painting by Andrew Spratt
painting by Andrew Spratt
In the north east of Scotland almost halfway between the coastal towns of Aberdeen and Peterhead, astride windswept cliffs, stands the fragmented shell of Old Slains castle, an ancient seat of the Hay family, Earls of Erroll. The lands of Slains were gifted to Sir Gilbert Hay by King Robert the Bruce of Scots (1306 - 1329) in recognition for his loyal service during the 'wars of Independence' against the English. He was also appointed Hereditary High Constable of Scotland. Sir Gilbert was succeeded by his son Sir David Hay, who accompanied King David II of Scots (1329 - 1371) to the battle of Neville's Cross in 1346,where Kind David was captured and Sir David killed. He in turn was succeeded as 3rd High Constable by his son Sir Thomas, who married Princess Elizabeth Stewart, a daughter of King Robert II of Scots (1371 - 1390). His grandson William became 5th High Constable and was created Earl of Erroll and Lord of Slains by King James II of Scots (1437 - 1460) as a reward for Hay support during the King's war with the rebel 'Black' Douglas Lords and their allies the Lyndsays, Earls of Crawford and the MacDonalds, Lords of the Isles.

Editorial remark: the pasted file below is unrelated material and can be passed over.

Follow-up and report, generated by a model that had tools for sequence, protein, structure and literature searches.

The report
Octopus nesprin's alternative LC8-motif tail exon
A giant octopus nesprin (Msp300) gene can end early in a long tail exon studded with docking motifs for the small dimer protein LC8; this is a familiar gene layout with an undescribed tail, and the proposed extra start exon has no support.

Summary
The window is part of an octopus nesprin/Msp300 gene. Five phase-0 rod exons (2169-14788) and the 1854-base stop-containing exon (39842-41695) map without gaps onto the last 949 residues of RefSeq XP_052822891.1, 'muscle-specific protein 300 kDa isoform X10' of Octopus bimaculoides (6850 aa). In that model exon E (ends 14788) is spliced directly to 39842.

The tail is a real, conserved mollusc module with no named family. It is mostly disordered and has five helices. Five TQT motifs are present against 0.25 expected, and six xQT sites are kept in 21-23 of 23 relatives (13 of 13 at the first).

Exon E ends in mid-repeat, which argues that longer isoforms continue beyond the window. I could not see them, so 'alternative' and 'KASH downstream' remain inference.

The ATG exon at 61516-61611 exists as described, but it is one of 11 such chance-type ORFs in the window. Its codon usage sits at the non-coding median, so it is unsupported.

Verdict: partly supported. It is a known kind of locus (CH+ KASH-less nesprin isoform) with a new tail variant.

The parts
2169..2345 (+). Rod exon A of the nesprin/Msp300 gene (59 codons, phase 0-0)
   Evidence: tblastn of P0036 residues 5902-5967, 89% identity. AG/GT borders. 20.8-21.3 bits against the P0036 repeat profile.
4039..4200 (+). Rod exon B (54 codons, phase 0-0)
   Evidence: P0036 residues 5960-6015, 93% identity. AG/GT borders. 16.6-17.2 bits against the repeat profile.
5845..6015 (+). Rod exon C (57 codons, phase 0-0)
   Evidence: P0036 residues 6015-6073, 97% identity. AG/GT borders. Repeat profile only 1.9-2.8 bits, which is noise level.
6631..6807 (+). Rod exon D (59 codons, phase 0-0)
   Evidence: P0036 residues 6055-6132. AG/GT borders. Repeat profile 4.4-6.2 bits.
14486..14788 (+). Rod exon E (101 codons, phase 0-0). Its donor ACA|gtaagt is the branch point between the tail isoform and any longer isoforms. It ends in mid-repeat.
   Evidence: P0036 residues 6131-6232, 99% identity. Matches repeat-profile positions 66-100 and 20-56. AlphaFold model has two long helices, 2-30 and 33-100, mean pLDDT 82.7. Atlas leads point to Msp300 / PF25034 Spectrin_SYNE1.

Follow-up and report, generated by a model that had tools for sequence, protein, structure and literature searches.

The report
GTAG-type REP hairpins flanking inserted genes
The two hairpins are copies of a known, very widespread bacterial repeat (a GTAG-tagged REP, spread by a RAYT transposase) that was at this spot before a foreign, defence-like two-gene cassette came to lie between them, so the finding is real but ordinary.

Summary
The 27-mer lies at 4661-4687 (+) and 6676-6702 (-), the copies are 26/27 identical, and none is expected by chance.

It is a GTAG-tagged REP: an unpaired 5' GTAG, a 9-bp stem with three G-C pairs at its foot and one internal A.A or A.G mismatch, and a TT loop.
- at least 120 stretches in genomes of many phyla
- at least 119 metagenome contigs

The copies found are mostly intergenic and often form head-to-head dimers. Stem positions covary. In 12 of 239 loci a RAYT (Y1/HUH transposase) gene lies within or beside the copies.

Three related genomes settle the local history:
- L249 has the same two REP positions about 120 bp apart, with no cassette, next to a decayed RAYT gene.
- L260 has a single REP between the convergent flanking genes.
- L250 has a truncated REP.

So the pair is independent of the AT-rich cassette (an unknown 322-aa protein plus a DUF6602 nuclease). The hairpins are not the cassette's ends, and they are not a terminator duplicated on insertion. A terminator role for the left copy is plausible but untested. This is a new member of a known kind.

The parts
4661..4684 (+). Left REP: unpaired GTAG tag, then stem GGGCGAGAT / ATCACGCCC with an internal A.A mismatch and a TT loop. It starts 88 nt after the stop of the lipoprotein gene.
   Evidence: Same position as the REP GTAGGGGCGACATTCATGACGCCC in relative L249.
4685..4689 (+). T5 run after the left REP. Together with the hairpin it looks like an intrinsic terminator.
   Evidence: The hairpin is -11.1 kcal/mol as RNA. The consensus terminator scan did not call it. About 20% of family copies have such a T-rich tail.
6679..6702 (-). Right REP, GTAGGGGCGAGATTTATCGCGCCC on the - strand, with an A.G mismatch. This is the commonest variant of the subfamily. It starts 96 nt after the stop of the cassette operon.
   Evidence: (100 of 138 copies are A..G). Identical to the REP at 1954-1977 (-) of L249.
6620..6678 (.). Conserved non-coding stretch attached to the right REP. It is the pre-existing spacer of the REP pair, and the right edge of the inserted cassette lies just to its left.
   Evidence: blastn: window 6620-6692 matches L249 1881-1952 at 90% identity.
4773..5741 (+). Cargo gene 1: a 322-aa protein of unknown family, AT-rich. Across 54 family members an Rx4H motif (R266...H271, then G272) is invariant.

These rebel Lords were eventually defeated by the combined efforts of Alexander Gordon,1st Earl of Huntly in the North (ie the battle of Arbroath in 1446, Brechin in 1452 and Dunkinty in 1454) and by George the 'Red' Douglas 4th Earl of Angus in the south (ie battle of Arkinholm in 1455 and Lochmaben in 1458). Militarily the Gordons were allied to the Hays of Slains, while their kin the Hays of Yester castle in East Lothian were in league with the 'Red' Douglases.
The tower of Old Slains dates from around this time or slightly earlier. It consisted of an oblong keep some five storeys high, with a basement vault entered at courtyard level, while the 2nd storey was accessed by an exterior collapsible wooden staircase. Likely the battlements were furnished with bartizans (open turrets) on all four corners with an overhanging box machicolation directly above the staircase entrance. Not only to protect this entrance but to ensure the destruction of the staircase preventing access during times of siege. Within the tower itself was a stone turnpike staircase which reached all levels above the 2nd storey.